Abstract: FR-PO934

Predicting Long-Term Renal and Patient Survival by Histological Diagnosis in Elderly Patients Undergoing a Renal Biopsy

Session Information

  • Geriatric Nephrology
    November 03, 2017 | Location: Hall H, Morial Convention Center
    Abstract Time: 10:00 AM - 10:00 AM

Category: Geriatric Nephrology

  • 901 Geriatric Nephrology

Authors

  • Navaratnarajah, Arunraj, Imperial College NHS Healthcare Trust, London, United Kingdom
  • Roufosse, Candice A., Imperial College NHS Healthcare Trust, London, United Kingdom
  • Cook, H. Terence, Imperial College NHS Healthcare Trust, London, United Kingdom
  • Willicombe, Michelle, Imperial College NHS Healthcare Trust, London, United Kingdom
Background

Evidence on long-term outcomes following renal biopsies in the elderly are lacking. This study aims to describe renal and patient outcomes in the elderly according to indication for biopsy, clinical parameters and histological diagnosis.

Methods

An analysis of 445 patients >70yrs old who had a renal biopsy between 2005 and 2015 was performed. Median age was 75.1yrs (70.1-91.0) and follow-up 5.8yrs.

Results

180/445 patients progressed to ESRD or died. 83/445 died without renal replacement therapy (RRT), 97/445 required RRT and 49/97 died after requiring RRT. This equates to 1, 3 and 5yr renal survival of 86.1, 80.1 and 76.9% and patient survival of 92.6, 82.8 and 72.3% respectively. Patients who progressed to ESRD were at higher risk of dying compared with those who remained dialysis independent, HR 2.54(1.64-2.93), p<0.0001.

Variables associated with risk of ESRD included higher serum creatinine (Cr) at time of biopsy [HR 1.005(1.004-1.007), p<0.0001] and biopsy for the indication of nephrotic syndrome (NS) with renal dysfunction [3.08(1.50-6.32), p=0.002]. Whilst having either histological features of GN [0.49(0.26-0.95, p=0.033] or TIN [0.075(0.01-0.55), p=0.01] were associated with dialysis independence.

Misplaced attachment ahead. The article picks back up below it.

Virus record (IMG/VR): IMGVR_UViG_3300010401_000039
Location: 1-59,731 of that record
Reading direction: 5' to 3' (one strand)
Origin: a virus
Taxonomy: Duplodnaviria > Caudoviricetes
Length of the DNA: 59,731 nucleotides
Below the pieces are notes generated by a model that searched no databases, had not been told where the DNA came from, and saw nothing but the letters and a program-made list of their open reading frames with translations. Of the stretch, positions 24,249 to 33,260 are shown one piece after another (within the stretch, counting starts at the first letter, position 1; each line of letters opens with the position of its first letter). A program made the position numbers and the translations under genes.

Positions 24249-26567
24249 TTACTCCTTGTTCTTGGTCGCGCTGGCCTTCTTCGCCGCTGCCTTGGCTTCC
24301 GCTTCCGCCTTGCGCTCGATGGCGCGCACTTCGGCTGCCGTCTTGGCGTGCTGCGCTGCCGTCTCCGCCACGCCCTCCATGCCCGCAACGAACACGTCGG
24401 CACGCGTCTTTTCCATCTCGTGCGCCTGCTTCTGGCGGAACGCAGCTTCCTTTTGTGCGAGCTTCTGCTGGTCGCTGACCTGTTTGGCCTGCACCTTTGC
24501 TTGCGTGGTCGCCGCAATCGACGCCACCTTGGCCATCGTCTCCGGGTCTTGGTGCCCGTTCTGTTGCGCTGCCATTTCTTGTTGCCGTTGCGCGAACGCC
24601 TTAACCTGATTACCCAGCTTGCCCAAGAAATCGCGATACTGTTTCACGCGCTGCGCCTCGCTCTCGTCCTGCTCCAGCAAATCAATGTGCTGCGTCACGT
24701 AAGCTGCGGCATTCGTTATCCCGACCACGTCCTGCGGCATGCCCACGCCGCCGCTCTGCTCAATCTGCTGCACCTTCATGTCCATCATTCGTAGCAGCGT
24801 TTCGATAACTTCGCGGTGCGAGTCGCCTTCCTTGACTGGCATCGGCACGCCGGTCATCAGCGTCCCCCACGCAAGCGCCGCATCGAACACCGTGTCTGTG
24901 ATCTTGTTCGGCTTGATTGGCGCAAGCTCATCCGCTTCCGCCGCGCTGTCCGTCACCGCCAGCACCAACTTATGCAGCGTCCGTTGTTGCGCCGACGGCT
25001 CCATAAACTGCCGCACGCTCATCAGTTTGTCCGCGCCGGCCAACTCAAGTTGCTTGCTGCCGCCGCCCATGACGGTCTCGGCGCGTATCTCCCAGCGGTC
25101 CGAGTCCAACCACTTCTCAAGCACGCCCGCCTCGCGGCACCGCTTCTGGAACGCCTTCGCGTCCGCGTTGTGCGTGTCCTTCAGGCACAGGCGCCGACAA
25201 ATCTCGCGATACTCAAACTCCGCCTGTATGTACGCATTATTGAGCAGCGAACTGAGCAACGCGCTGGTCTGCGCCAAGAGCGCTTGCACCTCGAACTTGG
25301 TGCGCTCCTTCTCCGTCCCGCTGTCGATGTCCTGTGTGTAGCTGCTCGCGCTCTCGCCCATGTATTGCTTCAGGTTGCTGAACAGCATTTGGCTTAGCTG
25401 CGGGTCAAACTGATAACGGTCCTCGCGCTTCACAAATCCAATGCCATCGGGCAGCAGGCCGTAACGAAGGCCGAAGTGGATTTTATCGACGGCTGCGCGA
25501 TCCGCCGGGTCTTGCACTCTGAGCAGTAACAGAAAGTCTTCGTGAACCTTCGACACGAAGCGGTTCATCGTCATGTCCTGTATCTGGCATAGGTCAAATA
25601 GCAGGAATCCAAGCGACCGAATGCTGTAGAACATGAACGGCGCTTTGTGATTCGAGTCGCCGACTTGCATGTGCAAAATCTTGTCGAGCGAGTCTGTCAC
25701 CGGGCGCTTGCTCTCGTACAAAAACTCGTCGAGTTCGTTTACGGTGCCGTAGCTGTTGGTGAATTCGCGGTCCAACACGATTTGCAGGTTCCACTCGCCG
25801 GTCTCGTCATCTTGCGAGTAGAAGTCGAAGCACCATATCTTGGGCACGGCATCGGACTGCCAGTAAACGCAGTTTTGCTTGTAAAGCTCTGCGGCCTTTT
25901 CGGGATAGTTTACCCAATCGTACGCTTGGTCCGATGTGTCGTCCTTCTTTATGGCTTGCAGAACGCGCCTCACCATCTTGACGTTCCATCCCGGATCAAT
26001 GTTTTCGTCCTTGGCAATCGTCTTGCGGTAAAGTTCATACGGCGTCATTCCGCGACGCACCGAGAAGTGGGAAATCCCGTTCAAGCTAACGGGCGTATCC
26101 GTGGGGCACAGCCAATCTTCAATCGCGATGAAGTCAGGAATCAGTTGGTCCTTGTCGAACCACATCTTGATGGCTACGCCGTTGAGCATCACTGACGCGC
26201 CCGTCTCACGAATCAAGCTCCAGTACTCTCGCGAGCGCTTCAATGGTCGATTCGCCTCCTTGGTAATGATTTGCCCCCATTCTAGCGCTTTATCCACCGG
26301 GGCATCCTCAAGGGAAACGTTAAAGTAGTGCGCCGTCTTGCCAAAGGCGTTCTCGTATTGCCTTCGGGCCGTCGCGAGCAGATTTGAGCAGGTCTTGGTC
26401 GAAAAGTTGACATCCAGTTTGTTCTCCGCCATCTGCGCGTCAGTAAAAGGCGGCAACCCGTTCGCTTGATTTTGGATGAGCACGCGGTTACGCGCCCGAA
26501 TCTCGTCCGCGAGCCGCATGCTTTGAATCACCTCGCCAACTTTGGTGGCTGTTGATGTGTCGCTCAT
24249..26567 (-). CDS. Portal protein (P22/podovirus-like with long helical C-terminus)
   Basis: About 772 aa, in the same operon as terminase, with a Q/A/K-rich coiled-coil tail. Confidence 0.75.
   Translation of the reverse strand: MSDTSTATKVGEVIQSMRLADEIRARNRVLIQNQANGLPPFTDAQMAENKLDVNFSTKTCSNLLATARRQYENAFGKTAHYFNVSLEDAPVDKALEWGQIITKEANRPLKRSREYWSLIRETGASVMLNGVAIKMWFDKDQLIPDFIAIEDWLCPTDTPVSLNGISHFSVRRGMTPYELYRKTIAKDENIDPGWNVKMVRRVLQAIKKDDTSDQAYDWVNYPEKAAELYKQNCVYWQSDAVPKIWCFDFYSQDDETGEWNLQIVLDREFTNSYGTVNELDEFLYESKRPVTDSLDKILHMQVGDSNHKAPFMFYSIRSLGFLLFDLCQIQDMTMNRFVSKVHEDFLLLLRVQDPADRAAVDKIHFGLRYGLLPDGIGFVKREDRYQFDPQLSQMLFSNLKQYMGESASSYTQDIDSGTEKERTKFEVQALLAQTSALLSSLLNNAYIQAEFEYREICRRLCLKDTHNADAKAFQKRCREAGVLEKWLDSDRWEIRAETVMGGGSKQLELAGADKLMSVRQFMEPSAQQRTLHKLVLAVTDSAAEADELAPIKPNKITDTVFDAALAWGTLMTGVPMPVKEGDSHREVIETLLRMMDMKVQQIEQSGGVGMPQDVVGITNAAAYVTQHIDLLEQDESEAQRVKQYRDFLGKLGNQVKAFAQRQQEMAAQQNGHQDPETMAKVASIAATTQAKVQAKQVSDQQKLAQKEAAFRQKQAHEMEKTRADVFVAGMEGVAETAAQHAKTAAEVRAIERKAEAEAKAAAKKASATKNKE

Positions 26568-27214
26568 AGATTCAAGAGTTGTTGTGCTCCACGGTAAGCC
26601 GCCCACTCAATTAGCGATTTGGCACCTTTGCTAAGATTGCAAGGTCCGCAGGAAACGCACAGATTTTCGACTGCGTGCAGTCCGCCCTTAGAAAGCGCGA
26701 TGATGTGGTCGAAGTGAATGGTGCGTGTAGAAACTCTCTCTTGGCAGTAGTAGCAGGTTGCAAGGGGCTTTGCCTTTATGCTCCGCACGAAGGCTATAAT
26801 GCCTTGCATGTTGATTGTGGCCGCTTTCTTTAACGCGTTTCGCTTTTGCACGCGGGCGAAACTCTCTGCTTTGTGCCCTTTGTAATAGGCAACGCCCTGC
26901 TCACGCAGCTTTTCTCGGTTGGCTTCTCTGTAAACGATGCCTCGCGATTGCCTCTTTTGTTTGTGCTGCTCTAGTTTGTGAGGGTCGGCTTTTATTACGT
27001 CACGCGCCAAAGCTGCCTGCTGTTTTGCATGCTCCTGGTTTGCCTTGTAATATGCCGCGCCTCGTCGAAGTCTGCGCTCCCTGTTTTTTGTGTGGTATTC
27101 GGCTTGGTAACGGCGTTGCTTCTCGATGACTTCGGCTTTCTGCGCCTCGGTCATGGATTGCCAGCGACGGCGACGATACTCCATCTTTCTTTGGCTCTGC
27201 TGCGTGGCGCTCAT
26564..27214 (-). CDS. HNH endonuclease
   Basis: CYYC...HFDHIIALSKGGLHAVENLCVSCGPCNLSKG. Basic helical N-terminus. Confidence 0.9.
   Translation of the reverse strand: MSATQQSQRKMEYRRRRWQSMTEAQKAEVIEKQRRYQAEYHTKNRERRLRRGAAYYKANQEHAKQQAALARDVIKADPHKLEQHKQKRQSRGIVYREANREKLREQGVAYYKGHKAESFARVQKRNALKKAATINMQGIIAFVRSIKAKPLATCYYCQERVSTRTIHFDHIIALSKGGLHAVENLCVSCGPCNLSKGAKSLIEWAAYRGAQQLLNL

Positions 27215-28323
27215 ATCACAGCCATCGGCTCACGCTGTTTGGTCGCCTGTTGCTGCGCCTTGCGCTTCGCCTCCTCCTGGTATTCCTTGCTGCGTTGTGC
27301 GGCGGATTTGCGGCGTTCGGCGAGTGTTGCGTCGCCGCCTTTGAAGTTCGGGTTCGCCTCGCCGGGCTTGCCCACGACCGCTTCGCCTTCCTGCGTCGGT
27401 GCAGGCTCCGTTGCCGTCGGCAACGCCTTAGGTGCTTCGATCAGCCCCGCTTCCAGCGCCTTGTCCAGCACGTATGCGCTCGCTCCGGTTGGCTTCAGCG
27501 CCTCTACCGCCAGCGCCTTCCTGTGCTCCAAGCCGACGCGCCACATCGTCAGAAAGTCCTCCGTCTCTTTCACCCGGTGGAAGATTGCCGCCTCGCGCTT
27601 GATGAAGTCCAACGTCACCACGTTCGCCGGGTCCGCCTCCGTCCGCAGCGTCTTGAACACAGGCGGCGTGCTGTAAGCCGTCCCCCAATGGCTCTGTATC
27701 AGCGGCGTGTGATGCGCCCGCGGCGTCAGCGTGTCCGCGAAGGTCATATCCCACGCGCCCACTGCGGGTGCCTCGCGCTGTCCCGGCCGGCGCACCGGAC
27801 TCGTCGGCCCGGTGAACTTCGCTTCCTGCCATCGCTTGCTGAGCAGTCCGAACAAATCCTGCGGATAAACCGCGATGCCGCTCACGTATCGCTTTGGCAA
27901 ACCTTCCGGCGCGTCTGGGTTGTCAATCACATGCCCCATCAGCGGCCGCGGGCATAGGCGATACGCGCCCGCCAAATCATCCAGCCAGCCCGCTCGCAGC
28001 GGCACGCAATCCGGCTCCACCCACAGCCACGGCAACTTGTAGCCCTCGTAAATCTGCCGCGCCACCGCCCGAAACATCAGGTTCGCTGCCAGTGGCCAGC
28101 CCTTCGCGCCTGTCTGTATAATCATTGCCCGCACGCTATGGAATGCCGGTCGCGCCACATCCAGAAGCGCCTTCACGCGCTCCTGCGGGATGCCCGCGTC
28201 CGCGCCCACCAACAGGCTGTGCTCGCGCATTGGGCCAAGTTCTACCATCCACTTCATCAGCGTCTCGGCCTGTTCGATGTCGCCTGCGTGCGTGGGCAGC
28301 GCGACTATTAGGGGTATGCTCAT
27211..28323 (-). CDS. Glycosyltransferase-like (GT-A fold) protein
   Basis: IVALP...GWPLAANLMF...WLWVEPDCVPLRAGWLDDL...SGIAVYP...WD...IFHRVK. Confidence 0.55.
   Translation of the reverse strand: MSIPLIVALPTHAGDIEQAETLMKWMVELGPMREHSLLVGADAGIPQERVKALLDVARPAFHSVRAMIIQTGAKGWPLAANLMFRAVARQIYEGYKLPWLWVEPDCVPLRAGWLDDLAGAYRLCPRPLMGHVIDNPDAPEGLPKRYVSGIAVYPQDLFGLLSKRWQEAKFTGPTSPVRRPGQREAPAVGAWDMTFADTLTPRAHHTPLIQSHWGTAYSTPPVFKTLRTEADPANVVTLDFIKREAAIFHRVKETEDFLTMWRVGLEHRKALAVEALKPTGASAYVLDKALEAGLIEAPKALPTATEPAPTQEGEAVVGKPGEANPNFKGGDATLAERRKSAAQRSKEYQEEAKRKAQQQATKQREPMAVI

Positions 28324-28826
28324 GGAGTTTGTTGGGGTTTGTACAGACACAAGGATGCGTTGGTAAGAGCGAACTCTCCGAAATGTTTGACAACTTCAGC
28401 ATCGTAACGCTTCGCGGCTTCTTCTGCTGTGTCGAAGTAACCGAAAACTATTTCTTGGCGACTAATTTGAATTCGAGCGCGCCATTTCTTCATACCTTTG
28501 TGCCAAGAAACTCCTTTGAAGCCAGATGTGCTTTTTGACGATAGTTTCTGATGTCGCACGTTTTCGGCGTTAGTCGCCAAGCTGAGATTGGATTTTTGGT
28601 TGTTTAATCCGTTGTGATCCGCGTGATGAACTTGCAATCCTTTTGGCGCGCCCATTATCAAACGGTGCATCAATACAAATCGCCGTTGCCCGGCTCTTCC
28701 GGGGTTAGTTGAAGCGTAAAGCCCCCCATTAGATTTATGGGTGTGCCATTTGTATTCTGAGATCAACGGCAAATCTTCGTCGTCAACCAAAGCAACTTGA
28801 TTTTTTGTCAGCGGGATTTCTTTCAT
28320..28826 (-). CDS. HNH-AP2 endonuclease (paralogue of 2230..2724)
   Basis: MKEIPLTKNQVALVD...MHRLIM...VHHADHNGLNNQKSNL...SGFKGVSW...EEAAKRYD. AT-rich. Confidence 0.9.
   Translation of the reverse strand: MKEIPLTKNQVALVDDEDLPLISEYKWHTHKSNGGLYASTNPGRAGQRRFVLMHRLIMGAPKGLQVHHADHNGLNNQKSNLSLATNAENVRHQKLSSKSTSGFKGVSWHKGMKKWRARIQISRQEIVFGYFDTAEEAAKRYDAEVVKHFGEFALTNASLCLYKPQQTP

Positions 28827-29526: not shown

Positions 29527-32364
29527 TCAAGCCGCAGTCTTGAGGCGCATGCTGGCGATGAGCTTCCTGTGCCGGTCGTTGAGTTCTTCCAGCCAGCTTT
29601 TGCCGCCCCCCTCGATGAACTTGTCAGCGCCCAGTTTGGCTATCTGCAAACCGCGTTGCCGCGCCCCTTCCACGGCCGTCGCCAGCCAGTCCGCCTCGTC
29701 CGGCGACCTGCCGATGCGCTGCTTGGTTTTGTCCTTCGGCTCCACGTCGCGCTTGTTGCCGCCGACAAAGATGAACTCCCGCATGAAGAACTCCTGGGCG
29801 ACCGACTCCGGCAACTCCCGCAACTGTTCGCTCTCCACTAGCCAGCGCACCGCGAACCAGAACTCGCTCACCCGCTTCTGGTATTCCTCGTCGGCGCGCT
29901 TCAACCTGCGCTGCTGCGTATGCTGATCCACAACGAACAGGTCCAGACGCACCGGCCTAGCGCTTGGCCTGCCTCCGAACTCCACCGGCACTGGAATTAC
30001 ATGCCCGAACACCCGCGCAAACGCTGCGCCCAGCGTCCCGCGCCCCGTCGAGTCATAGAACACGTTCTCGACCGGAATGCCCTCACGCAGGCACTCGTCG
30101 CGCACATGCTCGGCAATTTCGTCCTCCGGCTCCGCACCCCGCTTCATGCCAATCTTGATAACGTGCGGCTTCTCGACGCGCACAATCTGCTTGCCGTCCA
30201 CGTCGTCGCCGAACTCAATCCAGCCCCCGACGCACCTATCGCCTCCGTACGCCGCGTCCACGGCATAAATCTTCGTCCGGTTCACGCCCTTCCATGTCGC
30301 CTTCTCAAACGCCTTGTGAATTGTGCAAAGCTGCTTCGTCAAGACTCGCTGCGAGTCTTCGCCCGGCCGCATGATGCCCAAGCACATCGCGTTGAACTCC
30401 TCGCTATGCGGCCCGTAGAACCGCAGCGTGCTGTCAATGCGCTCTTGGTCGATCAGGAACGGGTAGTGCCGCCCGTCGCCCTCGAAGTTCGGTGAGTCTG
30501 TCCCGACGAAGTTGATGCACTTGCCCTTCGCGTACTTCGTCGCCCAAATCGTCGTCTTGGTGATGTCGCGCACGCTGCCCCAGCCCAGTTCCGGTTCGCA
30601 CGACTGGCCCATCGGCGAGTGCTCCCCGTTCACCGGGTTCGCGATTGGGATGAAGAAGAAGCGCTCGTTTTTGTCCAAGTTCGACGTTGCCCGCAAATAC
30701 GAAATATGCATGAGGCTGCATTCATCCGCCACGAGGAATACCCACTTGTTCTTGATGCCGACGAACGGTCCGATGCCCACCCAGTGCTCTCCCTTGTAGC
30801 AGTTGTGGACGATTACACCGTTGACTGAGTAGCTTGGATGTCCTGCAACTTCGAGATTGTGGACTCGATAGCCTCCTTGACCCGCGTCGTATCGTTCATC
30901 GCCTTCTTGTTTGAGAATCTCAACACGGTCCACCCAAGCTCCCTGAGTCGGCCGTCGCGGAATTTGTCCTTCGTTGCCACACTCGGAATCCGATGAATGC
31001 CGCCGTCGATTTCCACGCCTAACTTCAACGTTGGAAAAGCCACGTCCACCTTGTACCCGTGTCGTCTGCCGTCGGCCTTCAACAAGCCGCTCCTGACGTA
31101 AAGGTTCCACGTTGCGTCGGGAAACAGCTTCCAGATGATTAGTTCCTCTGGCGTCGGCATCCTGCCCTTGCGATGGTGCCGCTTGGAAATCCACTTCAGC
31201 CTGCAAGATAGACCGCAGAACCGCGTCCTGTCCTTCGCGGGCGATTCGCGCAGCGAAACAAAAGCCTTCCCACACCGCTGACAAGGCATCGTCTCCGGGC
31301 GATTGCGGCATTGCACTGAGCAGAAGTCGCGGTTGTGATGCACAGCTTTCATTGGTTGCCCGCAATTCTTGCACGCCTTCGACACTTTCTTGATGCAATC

Variables associated with reduced patient survival included increasing age [1.09(1.04-1.15), p=0.0004], Cr at time of biopsy [HR 1.0018(1.008-1.0028), p=0.0003], biopsy for NS with renal dysfunction [2.80(1.69-4.63), p=0.000] and histological diagnosis of MGRS [2.81(1.47-5.37), p=0.0017].

Those with tubulointerstitial scarring without a definite cause [HR 2.19(1.33-3.62), p=0.0011], GN [HR 2.07(1.16-3.70), p=0.006] and vasculitis [HR 3.56(1.68-7.50), p<0.0001] were at risk of progressing to ESRD before dying. There was no difference in risk of ESRD or death in patients with TIN, who had a good prognosis. Patients with MGRS also had no increased risk of ESRD over death, 1.36(0.52-3.60), p=0.52, however prognosis was poor with median time to death or dialysis 0.91yrs.

Conclusion

Renal biopsies in the elderly not only provide a histological diagnosis but also prognostic information on renal and patient survival. Data from this study may be useful for informed decision making by patients and nephrologists.

Histological FeatureGlomerulonephritis excluding vasculitis (GN)VasculitisTubulointerstitial nephritis (TIN)Monoclonal Gammopathy of Renal Significance (MGRS)Tubulointerstitial scarring without a definite cause
No. of patients (%)113 (25.4)56 (12.6)53 (11.9)29 (6.5)194 (43.6)